Interviews were conducted between November 2017 and March 2018 using an interview guide and accompanying vignettes (see also Meeuwissen et al. [21]). Both were developed using sensitising concepts from the team learning literature [13, 17, 33]. The interview guide included questions about team-task fulfilment, social cohesion, personal values in teamwork, and the role of the organisation in team learning. The vignettes mirrored Van den Bossche et al.’s [17] definitions of team learning behaviour’: sharing knowledge and experiences, co-constructing knowledge by engaging in shared information, and constructive conflicts that include negotiations leading to shared agreements based on integrated views. Moreover, they prompted participants to reflect on current and preferred team learning behaviour and on what they perceived as factors enabling and inhibiting it. After a test interview, we refined some questions and we continued making minor revisions (e.g. question order) throughout the data collection process, optimising the guide. Interviews lasted approximately 60 min, were audio-recorded, transcribed verbatim and anonymised.

Data analysis

We performed a stepwise type of thematic analysis known as ‘template analysis’ [34]. First, we formulated broad, a priori codes, drawn from previous team learning research (e.g. social cohesion) [19] to organise our initial template (see Appendix I in the Electronic Supplementary Material) [34]. Consequently, the first author and a student-assistant independently coded the interview transcripts and discussed their codification to resolve discrepancies. Besides deductive, a priori coding, they used inductive coding to identify additional influences such as the role of educational philosophy. They merged and renamed codes, deleted redundant codes and identified code linkages. The focused template developed after a succession of hierarchically structured templates was iteratively applied to the data. A team learning researcher supported our final interpretation after having read three prototype interviews alongside the template. After this process, researchers discussed and negotiated code linkages to ultimately reach agreement on the three overarching themes and their subthemes. We managed our data using ATLAS.ti 8 (Scientific Software Development GmbH, Berlin, Germany).

Reflexivity

The research team included a PhD candidate with a medical background (SM), two educational scientists—one working in Business and Economics (WG) and one in Health, Medicine and Life Sciences (IW)—and the FHML Institute for Education scientific director with a background in physiology and education (MoE). SM, who was trained and experienced in interviewing, conducted all interviews. Using their diverse backgrounds, the team discussed the main results and reached agreement on themes and subthemes. Due to managerial relationships, IW and MoE were not allowed access to transcripts. They recognised the main results from their own teacher-team experiences.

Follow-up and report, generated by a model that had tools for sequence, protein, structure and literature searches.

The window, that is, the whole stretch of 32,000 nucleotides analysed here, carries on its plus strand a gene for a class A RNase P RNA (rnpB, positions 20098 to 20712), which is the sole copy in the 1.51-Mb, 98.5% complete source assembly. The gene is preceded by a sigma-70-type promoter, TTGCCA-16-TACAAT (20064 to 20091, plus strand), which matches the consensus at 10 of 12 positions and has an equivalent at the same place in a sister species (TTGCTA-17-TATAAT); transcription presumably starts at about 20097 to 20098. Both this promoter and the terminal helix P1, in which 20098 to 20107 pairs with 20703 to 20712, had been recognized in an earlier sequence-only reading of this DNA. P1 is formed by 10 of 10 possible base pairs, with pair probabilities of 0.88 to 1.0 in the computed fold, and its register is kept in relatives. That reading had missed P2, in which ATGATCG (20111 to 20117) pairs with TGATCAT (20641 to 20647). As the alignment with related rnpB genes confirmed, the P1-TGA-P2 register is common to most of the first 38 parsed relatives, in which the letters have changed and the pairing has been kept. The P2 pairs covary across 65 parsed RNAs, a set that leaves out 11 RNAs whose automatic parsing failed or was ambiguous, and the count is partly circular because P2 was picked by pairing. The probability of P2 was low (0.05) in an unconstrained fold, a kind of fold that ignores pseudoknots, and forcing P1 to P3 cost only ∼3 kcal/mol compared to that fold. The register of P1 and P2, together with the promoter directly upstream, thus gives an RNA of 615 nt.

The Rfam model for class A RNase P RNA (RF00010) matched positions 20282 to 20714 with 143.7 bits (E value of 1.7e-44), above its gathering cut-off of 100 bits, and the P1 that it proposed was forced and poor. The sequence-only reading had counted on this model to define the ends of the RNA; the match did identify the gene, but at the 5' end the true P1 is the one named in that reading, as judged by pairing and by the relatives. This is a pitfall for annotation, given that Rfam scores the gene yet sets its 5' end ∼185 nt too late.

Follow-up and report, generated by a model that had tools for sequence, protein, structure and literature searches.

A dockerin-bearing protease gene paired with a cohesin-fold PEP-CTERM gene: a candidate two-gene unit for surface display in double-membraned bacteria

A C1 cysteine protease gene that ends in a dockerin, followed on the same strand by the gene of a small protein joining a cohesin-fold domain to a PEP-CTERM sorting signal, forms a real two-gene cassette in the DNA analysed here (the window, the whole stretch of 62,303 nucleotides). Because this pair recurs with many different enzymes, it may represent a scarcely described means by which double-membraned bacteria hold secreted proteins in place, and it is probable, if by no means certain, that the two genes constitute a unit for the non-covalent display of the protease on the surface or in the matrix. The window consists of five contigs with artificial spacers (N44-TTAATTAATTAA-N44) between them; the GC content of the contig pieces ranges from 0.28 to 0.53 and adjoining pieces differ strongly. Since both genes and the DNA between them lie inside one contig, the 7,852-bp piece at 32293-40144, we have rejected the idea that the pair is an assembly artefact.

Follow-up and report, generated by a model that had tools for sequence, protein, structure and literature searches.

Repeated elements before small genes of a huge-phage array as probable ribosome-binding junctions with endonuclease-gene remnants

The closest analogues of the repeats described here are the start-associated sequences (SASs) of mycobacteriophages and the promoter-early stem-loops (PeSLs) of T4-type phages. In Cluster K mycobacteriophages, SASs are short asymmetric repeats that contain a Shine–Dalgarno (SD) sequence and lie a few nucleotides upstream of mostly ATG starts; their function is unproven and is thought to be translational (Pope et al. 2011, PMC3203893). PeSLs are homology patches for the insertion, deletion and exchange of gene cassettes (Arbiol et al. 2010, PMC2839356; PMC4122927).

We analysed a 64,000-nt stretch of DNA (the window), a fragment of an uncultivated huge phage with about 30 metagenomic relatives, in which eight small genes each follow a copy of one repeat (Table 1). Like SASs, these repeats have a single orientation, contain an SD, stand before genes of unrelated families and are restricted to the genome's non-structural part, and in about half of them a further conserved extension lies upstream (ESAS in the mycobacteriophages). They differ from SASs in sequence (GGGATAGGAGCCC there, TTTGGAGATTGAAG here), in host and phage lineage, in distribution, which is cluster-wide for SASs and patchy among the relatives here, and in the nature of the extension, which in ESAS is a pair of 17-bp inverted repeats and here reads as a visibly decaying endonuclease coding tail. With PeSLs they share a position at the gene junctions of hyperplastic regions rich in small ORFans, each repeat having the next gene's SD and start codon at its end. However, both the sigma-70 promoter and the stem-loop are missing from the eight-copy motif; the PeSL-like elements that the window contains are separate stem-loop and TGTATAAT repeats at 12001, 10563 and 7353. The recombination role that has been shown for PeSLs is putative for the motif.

Ethical considerations

Ethical approval was obtained from the Dutch Association for Medical Education Ethical Review Board (NVMO ERB-948). Participation was voluntary and all participants gave informed consent.

Results

We identified three overarching themes reflecting the factors that enabled and inhibited team learning by teams with teachers from different disciplines: i) alignment/misalignment with the educational philosophy, ii) leadership practices and iii) involvement in organisational processes. Each theme comprised subthemes (factors) that were related to the: i) individual team members (personal attributes, tendencies and motivation); ii) team (vision, responsibility and reflection); and iii) organisation (decision-making, support and learning opportunities). Tab. 1 presents an overview. In the following, we will describe the themes identified, illustrated by representative quotations1 from interviewees.
Table 1
Overview of the main themes and subthemes-related to the individual, team and organisation-representing the factors that enable and inhibit team learning by teams with teachers from different disciplines
Themes and subthemes
Enabling
Inhibiting
Alignment/misalignment with educational philosophy
Individual: attributes
Respect and appreciation for other disciplines, curiosity, being change-oriented, student-centred education mindset
Little appreciation for other disciplines, little experience in education, preaching to the converted, showing self-assertion, no student-centred mindset
Individual: tendencies
Ability to listen, to think outside the limits of disciplines and to work together in a creative and constructive way
Being stuck in routines, being inflexible
Individual: motivation
Motivated mainly to be involved in education and challenge oneself. Course content should be in line with members’ own background
Motivated merely to comply with boss’s demands, create visibility for own department, and have educational roles on CV
Leadership practices
Team: vision
Shared team vision, sense of team identity, shared responsibility and commitment
Lack of shared course vision, lack of clear team task
Team: responsibility
Shared team leadership with shared responsibility and decision-making
Leader feeling individually responsible and making decisions alone
Team: reflection
Sharing of reflections on team functioning and acting upon reflections
No discussions on team functioning
Involvement in organisational processes
Organisation: decision-making
Offering possibilities for involvement in change and choices in curriculum development. Having a say in the selection of team members